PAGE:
many communities and scholars. In the book, Language Policy and
Modernity in Southeast Asia, attention is paid to the impact of
English on the status of indigenous Southeast Asian languages (Rappa,
et. al. 2006: 5). While English is considered an ethnically ‘neutral’
language in countries such as Malaysia, the Philippines, Singapore and
Thailand, its widespread use is considered problematic in certain

In an article titled ‘Acknowledging value of mother tongue’ published
on the Brunei Times website, the author Michael Tan says:

“We need a national language, no doubt, but the current policy is
worrisome because it promotes English first, Filipino second — both at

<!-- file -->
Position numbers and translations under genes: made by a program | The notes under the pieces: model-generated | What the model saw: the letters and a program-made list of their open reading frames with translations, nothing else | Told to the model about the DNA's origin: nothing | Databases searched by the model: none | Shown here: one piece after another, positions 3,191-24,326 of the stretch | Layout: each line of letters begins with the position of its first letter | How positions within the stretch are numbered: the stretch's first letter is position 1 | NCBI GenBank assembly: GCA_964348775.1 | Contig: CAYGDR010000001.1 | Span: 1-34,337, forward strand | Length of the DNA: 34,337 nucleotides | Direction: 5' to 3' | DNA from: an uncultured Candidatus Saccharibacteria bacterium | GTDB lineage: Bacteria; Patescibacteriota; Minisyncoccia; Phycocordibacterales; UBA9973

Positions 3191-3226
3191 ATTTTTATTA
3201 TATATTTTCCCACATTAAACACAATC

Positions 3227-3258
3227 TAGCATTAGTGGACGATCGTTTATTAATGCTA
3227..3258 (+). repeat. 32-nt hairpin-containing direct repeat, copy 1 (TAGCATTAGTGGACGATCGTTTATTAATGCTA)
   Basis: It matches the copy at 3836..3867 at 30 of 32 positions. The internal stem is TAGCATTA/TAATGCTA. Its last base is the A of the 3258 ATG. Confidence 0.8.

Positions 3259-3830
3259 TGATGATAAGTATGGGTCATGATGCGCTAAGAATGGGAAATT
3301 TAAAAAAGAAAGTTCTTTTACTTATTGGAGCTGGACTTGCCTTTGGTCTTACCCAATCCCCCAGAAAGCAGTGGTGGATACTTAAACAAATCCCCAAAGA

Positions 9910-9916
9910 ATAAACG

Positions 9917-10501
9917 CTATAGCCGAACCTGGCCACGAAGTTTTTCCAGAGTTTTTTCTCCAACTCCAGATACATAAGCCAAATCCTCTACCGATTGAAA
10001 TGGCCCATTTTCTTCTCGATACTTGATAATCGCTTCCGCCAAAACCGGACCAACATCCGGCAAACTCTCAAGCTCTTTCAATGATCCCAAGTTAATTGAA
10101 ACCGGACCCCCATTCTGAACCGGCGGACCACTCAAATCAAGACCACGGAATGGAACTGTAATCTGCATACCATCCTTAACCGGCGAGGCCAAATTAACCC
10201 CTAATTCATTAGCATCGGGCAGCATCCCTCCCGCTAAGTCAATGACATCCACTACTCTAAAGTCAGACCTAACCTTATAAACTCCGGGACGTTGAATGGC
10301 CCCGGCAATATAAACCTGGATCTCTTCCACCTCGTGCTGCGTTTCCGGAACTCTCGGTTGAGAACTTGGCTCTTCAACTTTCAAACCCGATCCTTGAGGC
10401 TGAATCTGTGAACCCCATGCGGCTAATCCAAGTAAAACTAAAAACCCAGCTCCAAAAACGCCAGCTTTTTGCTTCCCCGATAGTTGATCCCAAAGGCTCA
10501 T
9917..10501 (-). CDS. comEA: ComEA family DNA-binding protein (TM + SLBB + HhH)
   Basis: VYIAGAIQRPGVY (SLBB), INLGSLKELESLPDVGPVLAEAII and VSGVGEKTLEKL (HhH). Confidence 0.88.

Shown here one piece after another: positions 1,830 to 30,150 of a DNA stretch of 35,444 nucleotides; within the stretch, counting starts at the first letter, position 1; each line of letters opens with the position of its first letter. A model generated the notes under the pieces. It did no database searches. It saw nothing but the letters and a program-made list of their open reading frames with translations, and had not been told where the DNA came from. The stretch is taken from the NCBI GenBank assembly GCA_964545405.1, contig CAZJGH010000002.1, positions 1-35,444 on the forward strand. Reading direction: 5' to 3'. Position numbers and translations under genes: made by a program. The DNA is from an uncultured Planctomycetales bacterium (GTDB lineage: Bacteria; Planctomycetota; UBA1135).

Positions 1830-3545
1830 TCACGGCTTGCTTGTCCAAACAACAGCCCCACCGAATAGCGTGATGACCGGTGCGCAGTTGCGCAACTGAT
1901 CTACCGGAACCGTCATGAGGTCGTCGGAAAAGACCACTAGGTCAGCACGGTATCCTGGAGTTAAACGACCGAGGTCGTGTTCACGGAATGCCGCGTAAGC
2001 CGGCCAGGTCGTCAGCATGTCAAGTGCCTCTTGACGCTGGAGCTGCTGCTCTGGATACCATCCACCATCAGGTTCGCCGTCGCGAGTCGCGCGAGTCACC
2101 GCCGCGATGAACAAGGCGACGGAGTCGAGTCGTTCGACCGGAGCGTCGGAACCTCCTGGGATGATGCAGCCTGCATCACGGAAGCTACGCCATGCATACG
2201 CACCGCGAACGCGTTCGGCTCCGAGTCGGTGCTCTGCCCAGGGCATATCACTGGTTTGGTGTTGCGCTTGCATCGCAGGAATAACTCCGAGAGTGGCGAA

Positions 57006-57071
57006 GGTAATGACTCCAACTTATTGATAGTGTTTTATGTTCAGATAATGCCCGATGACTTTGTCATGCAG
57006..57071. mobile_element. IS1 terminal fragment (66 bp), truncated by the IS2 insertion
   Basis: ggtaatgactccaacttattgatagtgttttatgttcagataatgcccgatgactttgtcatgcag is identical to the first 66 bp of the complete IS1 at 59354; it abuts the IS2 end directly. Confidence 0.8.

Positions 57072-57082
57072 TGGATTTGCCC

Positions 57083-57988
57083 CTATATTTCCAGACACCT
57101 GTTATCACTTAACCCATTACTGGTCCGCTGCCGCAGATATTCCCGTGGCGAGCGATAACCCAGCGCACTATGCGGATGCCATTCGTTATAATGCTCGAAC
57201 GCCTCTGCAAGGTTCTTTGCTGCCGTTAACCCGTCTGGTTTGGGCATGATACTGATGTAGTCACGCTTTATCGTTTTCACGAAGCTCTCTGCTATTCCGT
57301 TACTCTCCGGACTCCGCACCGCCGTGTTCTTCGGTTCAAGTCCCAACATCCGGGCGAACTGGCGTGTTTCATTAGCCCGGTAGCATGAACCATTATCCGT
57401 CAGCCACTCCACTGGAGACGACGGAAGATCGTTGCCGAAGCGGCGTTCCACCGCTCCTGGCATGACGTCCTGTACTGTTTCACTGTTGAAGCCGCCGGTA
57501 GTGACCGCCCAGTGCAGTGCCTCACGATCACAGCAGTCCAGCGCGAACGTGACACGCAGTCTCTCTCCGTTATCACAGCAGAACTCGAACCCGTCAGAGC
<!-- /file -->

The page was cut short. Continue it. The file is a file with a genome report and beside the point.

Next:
the expense of other mother languages. We should allow Filipinos to
nurture their own mother language and share this with other Filipinos
or even the world. As we begin to appreciate the rhythms and cadences,
the humour and the wisdom, in each of our many languages, we just
might be able to overcome our parochialism and regionalism and build a
nation strong in its multicultural foundations”.

How do we create an enabling environment in South Africa in which
mother tongue can be nurtured and fully developed, not only for social
and cultural interaction, but also to give it academic and economic
value? In order for us to achieve this, a comprehensive understanding
of community development theory, the role of mother tongue in this
regard and why such an enabling environment is necessary, is required.

Community Development Theory and Mother Tongue

Community development theory and practice focuses on planning and
managing policy, projects, programmes and processes relating to
sustainable development, poverty eradication, unemployment, social
inequality and the depletion of natural resources. On a tactical
level, it explores, monitors and evaluates the challenges with regard